The arrival of power meters sparked a new craze in the 1990s, and they are now part and parcel of the make-up of most pro riders. Power meters are invaluable tools for pacing control and interval sessions and are especially useful for time trial training.
But the bottom line is that they are not necessary.
And you certainly don’t need one to tackle my training programs.
Interval sessions can be performed using just a heart rate monitor. However, it is clear that most of my readers do, and only one in seven tend to use a power meter like SRM or Powertap.
Of course, something as crucial as pace control is easier with a sophisticated power meter.
However, in most cases, it is possible to find the correct pacing for sub-threshold /threshold/VO2 max intervals using a heart rate monitor.
Heart rate values are ever so slightly delayed and represent your physiological response to past training. In contrast, a power meter represents your current external workload.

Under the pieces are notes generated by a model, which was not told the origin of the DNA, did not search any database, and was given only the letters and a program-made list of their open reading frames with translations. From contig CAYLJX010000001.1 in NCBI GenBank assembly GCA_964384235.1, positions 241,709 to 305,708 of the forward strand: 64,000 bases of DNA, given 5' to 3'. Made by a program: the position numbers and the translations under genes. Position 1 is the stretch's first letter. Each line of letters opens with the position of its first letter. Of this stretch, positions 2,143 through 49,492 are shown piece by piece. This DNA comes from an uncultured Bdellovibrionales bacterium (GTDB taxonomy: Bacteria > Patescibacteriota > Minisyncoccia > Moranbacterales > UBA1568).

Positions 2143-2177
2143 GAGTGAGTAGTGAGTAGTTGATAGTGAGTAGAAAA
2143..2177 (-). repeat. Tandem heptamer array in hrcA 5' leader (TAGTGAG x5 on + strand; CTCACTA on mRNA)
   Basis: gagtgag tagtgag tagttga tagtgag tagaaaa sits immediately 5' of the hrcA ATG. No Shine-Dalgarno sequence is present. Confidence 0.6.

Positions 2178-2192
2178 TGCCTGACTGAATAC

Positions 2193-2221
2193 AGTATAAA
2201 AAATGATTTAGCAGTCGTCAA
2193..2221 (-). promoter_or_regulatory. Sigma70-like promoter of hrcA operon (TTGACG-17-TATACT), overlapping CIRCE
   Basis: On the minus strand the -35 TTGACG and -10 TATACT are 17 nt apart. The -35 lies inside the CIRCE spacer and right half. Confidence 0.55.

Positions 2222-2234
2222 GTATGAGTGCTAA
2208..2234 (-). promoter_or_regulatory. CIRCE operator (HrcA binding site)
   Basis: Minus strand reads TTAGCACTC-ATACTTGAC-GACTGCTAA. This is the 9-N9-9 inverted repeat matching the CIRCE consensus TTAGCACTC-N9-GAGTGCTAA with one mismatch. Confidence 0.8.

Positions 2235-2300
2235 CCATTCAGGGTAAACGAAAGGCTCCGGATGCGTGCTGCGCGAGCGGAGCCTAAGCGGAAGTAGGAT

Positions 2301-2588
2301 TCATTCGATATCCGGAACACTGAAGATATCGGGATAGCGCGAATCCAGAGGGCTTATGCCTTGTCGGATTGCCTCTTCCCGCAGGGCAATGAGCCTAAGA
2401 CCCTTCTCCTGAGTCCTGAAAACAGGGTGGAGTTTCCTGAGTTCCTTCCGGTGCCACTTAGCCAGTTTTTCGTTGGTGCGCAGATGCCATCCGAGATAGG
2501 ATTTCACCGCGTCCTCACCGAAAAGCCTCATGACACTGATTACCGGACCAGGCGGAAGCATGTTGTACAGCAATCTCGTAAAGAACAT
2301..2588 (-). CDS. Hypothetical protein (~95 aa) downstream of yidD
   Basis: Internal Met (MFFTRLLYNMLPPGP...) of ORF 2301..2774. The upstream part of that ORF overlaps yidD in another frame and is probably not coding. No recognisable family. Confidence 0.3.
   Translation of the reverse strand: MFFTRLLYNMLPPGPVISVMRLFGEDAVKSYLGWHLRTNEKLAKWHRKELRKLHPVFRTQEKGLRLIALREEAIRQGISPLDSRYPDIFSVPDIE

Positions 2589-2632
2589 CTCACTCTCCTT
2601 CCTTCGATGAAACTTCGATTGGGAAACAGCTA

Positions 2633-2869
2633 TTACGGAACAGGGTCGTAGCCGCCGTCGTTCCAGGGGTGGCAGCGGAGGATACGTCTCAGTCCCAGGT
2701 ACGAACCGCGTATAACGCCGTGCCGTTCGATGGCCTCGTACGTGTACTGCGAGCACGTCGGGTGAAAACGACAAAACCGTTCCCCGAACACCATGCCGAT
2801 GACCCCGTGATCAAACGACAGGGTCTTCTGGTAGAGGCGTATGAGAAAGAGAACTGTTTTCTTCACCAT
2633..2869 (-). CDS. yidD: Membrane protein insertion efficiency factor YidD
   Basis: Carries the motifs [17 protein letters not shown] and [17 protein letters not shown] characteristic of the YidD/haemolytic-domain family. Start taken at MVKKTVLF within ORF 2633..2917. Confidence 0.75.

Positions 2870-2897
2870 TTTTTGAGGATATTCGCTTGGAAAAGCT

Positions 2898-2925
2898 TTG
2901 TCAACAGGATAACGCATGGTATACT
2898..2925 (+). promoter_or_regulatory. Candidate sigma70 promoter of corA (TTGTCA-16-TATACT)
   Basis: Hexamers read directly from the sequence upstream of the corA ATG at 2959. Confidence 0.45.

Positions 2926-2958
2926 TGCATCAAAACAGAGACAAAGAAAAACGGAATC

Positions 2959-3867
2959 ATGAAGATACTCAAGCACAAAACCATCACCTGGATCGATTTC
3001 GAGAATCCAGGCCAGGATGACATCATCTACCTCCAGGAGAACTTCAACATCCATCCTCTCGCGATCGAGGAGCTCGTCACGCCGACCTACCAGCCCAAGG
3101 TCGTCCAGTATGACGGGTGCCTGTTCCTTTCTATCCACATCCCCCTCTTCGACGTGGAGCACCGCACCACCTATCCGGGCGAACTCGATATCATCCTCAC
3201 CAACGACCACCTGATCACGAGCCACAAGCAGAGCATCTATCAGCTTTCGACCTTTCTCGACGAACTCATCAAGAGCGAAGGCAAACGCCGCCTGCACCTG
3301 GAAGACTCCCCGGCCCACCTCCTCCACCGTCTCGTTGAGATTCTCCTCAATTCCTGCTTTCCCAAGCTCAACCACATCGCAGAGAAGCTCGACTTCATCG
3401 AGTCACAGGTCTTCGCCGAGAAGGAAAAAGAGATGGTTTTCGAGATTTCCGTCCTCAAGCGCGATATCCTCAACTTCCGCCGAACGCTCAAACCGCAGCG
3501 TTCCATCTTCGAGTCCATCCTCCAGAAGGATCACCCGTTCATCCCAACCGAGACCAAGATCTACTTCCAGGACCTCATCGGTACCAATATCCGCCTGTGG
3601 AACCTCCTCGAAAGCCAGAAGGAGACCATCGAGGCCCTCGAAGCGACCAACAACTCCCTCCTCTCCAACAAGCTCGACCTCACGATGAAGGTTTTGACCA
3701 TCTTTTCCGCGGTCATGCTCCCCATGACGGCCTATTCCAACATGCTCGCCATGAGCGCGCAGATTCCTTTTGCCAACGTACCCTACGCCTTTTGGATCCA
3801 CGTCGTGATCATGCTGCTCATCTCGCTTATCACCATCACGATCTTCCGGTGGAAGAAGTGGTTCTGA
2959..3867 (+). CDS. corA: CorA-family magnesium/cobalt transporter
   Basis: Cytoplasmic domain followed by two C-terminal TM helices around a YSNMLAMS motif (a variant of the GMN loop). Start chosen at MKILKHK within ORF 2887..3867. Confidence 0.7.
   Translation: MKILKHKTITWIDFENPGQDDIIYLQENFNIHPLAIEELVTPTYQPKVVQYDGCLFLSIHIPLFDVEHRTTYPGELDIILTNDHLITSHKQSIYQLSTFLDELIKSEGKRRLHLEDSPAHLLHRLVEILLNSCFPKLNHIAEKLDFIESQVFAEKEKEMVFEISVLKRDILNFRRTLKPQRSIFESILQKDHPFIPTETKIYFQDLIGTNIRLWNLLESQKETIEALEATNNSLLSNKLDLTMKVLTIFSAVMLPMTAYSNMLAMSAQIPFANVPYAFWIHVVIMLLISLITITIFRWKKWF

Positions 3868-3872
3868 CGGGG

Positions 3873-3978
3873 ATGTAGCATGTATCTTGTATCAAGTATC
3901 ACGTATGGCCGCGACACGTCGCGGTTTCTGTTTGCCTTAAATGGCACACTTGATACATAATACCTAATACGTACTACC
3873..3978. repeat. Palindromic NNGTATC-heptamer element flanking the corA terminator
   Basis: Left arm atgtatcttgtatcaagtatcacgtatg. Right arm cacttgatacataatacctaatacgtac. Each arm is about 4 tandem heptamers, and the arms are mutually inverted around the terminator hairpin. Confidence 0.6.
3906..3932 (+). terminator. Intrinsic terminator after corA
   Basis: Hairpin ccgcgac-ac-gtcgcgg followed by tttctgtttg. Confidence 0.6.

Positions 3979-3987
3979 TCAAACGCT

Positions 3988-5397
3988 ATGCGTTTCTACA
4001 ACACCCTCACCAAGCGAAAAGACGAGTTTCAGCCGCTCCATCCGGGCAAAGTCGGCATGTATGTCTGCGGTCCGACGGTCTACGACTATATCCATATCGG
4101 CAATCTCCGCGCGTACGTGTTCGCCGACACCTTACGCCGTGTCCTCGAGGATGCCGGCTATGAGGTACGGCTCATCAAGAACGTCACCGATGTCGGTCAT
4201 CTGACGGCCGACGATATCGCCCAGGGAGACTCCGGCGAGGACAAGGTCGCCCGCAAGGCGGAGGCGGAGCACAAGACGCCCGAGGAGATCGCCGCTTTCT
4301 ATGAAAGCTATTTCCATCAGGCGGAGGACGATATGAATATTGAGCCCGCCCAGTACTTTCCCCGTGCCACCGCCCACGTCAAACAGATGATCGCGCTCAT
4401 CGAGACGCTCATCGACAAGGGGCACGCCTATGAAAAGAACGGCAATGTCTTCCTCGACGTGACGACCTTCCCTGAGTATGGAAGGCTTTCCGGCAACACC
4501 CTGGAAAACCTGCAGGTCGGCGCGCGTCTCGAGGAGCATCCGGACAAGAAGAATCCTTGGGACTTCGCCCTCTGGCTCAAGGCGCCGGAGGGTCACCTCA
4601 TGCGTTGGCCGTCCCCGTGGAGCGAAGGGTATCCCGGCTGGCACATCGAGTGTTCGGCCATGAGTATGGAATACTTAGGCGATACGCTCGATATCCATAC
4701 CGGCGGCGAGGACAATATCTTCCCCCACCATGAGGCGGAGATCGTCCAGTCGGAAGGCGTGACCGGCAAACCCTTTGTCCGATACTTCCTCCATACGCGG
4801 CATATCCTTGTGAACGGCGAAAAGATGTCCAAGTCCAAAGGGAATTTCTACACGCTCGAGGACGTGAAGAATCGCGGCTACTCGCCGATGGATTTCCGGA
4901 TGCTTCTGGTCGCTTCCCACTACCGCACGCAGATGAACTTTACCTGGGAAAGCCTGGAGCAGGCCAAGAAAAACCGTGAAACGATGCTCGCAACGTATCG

Or you could do without both a power meter and a heart rate monitor and go with your gut feeling.
Some riders do – and this works just as well as a power meter.
Don’t forget that a few years ago, many pro cyclists did all their interval sessions without any monitoring. And there are still some modern-day riders who turn back the training clock by cycling solely based on their feelings and instinct – because they know just how hard they should train.
But suppose you are a relative beginner or don’t benefit from the experience of training 20-plus hours per week for the last ten years. In that case, it will certainly help if you at least use a cheap heart rate monitor to get some vital feedback on your physiological response to the training.